Private debris removal contractors likely would be at least as costly because they must adhere to the same stringent specialized hazmat protocol as the Corps.

“I can’t just call my brother-in-law who has heavy machinery to do it,” said Erin Wade, the county’s planning and development chief.

As of Thursday, the county had received 1,795 forms out of the approximately 2,108 properties eligible for the Corps’ free debris removal.

The owners of approximately 313 eligible properties in Lahaina — about a third of them commercial — have not submitted forms. Reasons include probate problems and indecision about whether to use the government-sponsored cleanup or a private contractor.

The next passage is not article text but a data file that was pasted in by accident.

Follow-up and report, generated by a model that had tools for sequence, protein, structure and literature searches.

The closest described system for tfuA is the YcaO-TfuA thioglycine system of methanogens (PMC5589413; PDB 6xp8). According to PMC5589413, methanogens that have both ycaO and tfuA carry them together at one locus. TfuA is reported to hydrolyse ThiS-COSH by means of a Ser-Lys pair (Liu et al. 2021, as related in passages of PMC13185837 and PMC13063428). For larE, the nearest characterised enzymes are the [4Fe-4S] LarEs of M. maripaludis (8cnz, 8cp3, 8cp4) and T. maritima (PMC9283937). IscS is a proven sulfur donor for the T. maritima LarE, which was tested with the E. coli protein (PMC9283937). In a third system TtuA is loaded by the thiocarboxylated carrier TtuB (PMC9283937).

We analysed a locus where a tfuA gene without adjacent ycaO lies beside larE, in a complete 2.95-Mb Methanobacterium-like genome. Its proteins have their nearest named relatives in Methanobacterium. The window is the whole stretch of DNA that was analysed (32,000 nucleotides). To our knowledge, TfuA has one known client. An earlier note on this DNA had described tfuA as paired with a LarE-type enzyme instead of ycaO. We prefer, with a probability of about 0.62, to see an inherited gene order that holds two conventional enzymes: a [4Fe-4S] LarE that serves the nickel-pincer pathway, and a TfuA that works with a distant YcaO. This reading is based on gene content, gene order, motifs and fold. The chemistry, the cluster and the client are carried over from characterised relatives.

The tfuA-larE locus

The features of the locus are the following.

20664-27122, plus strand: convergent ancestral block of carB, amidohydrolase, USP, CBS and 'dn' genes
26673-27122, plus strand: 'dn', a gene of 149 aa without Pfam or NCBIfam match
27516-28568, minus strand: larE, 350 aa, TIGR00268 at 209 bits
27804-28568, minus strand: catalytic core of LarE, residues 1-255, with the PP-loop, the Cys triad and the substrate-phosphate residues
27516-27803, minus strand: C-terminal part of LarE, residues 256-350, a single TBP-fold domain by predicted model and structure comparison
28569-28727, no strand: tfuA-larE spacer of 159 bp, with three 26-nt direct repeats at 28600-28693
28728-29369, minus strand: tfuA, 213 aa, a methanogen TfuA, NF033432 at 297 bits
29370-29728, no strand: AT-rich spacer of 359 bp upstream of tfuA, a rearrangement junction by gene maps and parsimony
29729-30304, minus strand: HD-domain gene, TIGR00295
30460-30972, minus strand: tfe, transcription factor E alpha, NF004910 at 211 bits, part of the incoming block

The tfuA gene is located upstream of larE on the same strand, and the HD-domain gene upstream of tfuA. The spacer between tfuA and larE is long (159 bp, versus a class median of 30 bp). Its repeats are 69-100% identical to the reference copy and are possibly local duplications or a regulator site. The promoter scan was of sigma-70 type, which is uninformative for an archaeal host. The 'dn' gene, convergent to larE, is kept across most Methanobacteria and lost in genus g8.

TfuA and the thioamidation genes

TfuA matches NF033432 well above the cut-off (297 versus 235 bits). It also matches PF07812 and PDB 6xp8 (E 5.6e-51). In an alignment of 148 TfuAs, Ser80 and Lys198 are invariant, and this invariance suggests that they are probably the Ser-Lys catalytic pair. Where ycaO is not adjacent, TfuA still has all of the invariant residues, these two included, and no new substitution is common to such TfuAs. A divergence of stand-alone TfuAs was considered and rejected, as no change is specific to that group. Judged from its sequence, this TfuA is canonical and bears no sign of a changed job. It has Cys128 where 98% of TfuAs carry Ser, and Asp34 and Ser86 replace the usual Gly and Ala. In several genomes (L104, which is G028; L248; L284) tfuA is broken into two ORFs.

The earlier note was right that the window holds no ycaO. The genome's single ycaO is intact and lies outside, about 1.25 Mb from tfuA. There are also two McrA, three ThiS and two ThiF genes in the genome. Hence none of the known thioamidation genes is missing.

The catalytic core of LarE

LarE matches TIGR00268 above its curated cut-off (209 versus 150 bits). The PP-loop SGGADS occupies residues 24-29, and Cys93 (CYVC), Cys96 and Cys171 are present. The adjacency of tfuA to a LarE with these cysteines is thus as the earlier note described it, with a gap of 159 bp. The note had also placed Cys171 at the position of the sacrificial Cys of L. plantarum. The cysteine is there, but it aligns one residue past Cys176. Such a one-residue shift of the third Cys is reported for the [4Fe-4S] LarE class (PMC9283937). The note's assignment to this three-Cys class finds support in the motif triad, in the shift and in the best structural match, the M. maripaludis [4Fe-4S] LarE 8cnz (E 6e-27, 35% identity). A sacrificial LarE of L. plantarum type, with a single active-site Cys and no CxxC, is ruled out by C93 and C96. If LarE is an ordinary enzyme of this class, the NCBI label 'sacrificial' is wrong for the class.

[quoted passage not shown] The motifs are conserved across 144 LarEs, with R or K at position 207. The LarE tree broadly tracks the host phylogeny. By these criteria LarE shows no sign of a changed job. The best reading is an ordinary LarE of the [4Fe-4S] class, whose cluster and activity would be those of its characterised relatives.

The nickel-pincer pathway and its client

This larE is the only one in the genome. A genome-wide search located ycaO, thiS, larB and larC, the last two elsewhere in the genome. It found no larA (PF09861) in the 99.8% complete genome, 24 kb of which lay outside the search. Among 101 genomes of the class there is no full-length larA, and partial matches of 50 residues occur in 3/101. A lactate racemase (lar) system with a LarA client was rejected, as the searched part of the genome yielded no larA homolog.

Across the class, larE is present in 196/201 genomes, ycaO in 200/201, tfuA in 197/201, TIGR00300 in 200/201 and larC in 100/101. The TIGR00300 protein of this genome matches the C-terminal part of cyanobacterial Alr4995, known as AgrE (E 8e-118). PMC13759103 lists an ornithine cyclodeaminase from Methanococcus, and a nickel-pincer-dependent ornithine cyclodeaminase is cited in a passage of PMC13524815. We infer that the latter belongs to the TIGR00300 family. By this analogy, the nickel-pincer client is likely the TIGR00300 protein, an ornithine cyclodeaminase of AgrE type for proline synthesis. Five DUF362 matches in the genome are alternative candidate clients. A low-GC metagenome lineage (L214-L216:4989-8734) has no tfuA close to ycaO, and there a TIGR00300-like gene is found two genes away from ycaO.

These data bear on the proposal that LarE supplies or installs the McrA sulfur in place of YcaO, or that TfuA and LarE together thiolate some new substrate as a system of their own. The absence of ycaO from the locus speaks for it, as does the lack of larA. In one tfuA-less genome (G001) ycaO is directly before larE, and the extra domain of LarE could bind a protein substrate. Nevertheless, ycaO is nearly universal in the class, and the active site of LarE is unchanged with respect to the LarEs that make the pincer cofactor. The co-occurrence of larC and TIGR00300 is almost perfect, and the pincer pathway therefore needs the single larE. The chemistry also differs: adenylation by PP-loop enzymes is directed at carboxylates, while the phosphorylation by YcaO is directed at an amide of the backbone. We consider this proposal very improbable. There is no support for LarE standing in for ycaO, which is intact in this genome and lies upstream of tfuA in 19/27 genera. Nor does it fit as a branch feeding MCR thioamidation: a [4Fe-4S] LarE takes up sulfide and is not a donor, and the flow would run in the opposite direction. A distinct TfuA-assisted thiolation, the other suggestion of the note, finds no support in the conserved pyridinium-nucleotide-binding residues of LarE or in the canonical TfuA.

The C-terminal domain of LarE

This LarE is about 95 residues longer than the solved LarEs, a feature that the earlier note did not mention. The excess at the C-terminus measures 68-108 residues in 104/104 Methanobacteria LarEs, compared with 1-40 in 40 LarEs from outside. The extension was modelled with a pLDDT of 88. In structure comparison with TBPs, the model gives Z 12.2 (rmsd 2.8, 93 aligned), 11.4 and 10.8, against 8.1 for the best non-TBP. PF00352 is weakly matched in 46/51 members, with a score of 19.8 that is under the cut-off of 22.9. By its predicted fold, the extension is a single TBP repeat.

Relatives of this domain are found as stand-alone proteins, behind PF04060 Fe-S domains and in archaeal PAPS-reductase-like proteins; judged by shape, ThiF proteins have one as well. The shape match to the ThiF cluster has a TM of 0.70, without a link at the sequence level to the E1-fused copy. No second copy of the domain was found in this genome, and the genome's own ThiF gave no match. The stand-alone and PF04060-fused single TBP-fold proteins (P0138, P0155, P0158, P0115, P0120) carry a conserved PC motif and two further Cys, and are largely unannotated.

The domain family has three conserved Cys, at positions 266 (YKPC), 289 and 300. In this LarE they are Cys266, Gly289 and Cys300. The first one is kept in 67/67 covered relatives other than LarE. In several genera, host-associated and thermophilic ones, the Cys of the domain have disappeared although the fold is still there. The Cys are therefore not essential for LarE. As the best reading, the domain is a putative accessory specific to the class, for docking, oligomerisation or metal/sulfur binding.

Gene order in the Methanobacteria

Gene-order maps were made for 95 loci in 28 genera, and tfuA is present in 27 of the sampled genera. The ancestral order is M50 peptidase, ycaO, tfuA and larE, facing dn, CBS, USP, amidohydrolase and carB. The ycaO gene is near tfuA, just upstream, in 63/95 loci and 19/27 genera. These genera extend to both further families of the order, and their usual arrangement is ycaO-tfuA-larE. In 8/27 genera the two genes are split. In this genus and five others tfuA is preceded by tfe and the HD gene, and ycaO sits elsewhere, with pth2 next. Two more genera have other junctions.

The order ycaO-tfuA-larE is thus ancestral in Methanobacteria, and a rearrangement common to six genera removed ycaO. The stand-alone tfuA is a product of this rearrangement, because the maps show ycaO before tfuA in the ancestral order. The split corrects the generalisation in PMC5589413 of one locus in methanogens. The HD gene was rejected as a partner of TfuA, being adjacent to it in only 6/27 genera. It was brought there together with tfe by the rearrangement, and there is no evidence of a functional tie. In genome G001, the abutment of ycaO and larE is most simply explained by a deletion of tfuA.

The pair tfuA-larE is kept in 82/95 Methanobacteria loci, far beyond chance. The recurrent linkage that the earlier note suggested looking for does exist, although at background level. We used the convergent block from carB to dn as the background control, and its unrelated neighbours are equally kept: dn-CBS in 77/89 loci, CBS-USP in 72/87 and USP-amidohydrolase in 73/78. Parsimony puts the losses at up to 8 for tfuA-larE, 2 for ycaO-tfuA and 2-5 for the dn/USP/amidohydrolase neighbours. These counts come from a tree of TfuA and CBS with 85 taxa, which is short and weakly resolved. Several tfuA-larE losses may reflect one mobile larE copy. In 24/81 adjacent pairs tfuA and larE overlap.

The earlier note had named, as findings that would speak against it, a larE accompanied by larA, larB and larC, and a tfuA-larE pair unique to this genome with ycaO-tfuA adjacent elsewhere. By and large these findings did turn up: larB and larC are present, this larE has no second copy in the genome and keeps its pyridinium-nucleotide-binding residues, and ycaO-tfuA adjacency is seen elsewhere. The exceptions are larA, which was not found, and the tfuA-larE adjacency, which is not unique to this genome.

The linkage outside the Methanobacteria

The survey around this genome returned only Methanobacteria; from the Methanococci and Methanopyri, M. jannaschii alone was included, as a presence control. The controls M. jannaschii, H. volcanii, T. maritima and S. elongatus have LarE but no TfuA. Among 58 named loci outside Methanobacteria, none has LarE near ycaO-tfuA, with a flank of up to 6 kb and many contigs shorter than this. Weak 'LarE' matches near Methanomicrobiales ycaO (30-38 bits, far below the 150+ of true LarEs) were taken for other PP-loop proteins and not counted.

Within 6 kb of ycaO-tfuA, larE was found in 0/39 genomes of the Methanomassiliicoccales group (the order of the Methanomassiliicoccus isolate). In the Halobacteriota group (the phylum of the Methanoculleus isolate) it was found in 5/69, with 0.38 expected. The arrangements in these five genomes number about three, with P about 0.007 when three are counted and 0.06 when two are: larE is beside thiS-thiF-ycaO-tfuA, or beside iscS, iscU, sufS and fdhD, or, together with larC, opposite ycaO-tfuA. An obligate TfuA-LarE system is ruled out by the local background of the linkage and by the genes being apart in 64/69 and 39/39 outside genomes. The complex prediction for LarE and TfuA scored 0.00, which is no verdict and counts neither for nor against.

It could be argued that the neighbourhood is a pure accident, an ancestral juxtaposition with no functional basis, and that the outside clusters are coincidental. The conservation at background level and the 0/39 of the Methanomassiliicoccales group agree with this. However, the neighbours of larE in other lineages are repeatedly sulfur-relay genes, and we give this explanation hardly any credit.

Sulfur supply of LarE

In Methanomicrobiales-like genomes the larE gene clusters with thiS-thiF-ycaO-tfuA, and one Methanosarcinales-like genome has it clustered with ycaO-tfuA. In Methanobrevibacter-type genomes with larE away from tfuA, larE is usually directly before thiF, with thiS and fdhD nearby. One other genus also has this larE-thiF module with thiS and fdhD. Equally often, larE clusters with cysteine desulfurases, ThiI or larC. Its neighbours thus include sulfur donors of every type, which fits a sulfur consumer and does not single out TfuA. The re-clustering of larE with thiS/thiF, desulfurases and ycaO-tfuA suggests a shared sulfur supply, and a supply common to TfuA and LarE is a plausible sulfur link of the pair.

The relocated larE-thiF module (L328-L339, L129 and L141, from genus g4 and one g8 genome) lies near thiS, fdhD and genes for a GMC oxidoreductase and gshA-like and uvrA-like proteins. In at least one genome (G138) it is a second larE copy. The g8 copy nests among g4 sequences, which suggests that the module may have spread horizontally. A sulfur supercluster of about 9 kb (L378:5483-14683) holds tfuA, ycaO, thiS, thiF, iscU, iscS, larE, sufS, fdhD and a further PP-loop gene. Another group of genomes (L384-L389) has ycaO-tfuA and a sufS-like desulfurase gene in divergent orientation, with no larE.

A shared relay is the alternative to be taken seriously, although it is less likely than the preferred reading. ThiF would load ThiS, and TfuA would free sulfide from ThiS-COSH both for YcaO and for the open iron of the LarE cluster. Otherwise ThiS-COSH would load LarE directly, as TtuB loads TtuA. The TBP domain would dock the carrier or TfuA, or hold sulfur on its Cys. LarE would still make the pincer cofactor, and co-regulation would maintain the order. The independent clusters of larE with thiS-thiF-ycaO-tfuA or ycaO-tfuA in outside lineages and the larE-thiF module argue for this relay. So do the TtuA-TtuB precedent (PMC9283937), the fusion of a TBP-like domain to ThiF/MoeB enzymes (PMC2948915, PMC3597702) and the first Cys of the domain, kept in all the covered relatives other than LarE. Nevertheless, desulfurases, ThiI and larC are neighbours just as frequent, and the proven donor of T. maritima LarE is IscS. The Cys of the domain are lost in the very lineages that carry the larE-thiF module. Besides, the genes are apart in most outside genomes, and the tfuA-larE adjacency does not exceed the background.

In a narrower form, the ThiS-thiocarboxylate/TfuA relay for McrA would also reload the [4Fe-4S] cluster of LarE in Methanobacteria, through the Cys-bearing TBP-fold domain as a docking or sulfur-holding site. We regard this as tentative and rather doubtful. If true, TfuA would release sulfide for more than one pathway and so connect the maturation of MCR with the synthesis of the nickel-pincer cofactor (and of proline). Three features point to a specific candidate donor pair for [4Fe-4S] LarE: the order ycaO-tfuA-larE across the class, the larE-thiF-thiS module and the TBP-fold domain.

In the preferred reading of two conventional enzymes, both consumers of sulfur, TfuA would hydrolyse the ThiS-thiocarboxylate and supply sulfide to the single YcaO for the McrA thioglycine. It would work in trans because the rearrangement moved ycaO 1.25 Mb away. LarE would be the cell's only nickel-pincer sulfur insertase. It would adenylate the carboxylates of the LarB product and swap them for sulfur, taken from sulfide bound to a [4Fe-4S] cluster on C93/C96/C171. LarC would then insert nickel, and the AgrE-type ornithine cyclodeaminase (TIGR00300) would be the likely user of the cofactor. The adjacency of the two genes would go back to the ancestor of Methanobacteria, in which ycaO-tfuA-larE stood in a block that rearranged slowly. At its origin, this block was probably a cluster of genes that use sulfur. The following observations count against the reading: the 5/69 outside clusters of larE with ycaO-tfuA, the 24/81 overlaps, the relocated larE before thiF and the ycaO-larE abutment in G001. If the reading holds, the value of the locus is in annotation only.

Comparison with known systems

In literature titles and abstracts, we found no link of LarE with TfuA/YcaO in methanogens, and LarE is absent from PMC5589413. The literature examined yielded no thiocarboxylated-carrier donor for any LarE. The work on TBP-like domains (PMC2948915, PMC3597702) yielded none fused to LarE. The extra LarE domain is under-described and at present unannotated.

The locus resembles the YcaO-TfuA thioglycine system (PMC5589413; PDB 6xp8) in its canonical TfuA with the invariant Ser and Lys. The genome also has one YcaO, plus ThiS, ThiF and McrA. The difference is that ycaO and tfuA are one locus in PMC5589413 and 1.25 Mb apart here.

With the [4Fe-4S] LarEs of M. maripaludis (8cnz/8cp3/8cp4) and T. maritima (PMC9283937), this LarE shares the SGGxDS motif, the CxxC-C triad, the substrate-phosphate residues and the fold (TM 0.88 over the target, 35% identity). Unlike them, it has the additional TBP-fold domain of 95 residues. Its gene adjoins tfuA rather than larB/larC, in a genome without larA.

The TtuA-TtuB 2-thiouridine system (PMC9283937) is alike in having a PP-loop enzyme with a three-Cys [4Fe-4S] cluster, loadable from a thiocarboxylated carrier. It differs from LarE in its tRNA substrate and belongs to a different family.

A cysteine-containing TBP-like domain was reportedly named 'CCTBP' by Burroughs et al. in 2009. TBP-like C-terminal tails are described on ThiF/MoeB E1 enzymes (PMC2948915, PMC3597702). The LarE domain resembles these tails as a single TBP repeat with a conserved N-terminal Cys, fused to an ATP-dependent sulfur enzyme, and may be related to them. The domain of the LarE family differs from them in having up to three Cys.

Maui County, working with government partners, has an online viewer that tracks what properties have submitted their right-of-entry applications so Army Corps of Engineers can go clean up the fire debris. (Courtesy: Maui County/2024)
Maui County has an online viewer that tracks what properties have submitted their right-of-entry applications so the Army Corps of Engineers can go clean up the fire debris. Blue marks properties that submitted the forms, gray indicates those who haven’t, and the red stars show EPA-deferred properties. (Courtesy: Maui County/2024)

In Kula, 100% of the owners of 26 properties eligible for Corps debris removal signed right-of-entry forms and had the work completed. So far, no property owners in Lahaina have told the county they are opting out of the Corps’ cleanup, Wade said.

The county began seeking right-of-entry forms on Oct. 16. Although it has forms in the pipeline from 85% of residential properties in Lahaina, only 47% of the nearly 200 eligible commercial properties have filed.

“I think commercial didn’t realize they were eligible because this is actually the first fire that FEMA has made commercial properties eligible,” Wade said.